|Agricultural land values up 4.4 percent statewide says survey|
Agricultural land values in Nebraska increased about 4.4 percent in the last year, with rises in cropland values offsetting declines in rangeland, according to preliminary findings from the 2010 Nebraska Farm Real Estate Survey.
Overall, agricultural land values statewide increased from $1,431 per acre to $1,494 in the year ending Feb. 1, said Bruce Johnson, the University of Nebraska-Lincoln agricultural economist who conducts the annual survey.
The increase follows on the heels of a year of little to no value change across most of the state.
Dryland cropland with no irrigation potential increased an average of 6.4 percent, while statewide averages for gravity-irrigated cropland and center-pivot irrigated cropland climbed 5.2 and 6.1 percent, respectively.
Meantime, dryland cropland with potential to be developed for irrigation increased about 7.3 percent in value, though values varied considerably across the state depending on development restrictions and opportunities.
While average cropland values saw increases, the value of nontillable grazing land fell 5.6 percent statewide, with even larger declines recorded in major range areas of the state. For example, the North region, which comprises much of the Sandhills, saw a 10.1 percent decline.
“Survey reporters remarked frequently of the relatively strong income years as of late for the crop sector, while the livestock economy has struggled over the last few years to break even,” Johnson said. “These economic conditions get factored into virtually every local agricultural real estate market.
“It was also noted that the number of cropland offerings on the market have tended to be very limited relative to demand thus creating some upward bidding pressure on cropland tracts that do come up for sale,” Johnson added.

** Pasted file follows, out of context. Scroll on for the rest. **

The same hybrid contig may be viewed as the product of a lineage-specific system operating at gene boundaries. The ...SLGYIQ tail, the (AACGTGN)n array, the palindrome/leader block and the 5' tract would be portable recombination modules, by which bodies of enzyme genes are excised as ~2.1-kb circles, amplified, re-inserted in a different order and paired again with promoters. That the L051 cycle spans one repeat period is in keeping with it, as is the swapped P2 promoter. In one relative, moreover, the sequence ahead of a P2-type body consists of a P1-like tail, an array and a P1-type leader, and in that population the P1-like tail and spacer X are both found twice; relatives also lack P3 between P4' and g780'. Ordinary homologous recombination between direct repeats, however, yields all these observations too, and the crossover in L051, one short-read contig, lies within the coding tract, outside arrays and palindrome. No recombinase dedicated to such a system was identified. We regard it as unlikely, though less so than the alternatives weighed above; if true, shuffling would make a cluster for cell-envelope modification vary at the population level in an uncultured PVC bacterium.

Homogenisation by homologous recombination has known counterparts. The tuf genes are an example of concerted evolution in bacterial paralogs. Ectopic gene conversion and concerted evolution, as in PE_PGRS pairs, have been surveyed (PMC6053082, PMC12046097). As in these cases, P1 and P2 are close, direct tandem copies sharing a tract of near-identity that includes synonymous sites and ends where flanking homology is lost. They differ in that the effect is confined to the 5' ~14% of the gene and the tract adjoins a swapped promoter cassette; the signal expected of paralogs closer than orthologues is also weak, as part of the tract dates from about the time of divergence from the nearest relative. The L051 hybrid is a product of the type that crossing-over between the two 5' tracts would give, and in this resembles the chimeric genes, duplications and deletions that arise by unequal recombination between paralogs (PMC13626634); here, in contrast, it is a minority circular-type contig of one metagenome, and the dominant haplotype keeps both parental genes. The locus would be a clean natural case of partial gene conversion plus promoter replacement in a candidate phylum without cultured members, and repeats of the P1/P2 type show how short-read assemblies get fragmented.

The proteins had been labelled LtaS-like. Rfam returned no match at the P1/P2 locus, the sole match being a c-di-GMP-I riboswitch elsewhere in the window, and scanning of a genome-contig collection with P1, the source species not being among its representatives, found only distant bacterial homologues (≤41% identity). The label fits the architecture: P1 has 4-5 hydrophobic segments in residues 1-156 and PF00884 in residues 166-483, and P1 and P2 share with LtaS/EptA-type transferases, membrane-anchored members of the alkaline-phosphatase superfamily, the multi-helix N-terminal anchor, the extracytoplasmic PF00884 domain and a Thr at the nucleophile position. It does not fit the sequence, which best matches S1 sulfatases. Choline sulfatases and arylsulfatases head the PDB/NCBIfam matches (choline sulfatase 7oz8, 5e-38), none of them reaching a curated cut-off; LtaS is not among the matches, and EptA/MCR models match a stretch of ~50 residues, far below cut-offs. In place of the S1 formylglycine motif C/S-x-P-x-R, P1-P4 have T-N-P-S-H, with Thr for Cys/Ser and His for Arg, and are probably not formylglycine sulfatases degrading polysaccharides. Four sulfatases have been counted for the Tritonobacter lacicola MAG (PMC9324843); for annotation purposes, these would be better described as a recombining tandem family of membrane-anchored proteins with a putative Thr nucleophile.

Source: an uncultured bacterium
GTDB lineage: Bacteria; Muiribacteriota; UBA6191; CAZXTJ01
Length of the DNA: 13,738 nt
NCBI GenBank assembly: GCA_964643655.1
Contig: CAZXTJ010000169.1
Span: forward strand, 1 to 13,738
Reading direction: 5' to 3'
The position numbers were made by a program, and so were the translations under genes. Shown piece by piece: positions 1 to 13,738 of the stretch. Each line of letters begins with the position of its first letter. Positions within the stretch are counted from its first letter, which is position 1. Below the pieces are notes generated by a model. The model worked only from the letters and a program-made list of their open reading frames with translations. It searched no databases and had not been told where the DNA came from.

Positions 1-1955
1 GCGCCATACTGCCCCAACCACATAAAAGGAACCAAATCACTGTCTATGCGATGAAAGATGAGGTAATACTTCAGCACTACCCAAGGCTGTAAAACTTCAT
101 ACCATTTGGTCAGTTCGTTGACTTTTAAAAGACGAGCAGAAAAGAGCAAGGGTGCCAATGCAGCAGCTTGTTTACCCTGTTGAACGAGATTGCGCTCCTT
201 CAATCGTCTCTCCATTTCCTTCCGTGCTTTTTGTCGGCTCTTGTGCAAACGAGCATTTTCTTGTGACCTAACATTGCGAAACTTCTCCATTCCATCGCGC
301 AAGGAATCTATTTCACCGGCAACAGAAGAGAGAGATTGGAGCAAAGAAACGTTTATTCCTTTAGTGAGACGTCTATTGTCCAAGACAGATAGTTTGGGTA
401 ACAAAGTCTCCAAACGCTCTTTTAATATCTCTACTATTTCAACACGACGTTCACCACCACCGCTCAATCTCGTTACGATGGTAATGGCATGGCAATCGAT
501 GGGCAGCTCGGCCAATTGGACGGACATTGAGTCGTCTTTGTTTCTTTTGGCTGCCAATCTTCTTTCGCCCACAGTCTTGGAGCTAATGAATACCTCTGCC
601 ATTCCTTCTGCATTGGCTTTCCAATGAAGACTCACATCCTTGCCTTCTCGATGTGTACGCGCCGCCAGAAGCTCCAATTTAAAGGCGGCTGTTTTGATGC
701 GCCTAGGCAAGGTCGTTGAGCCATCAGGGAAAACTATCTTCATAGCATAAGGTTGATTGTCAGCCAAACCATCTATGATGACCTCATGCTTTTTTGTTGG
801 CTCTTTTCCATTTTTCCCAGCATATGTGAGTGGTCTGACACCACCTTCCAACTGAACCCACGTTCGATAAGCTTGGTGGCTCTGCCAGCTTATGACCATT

Overall, the average all-land value changes ranged from a 3.3 percent decrease in the North, which is heavily weighted toward grazing land acreage, to a 10.1 percent increase in the East.
Similar patterns are reflected in preliminary cash rental rates for 2010 compiled for the survey. Cropland rental rates tend to be up across the state, while pasture rates are holding steady or dropping slightly below 2009 levels, a reflection of the cattle economy.
Average dryland cropland rental rates are up 3 percent to 7 percent, while regional increases in the irrigated cropland classes are largely in the 4-to-8-percent range. The state's highest cash rents are occurring in the Northeast and East, where high-quality center-pivot land is renting at about $280 per acre.
“Overall, the market for agricultural land across the state has remained relatively strong over the course of the national and global economic recession,” Johnson said. “While economic impacts have been felt in the farm economy, agricultural real estate assets have basically held both value and earnings potential to this point in time.
“Unlike residential and commercial real estate markets in numerous parts of the nation, agricultural land here in the U.S. heartland remains a relatively solid investment for its owners.”
Reports from a panel of agricultural land experts were compiled for this survey, which is conducted in cooperation with the Institute of Agriculture and Natural Resources' Agricultural Research Division. Final estimates will be available in a report this summer.
The report is available in the Department of Agricultural Economics' publication Cornhusker Economics (http://www.agecon.unl.edu/Cornhuskereconomics.html)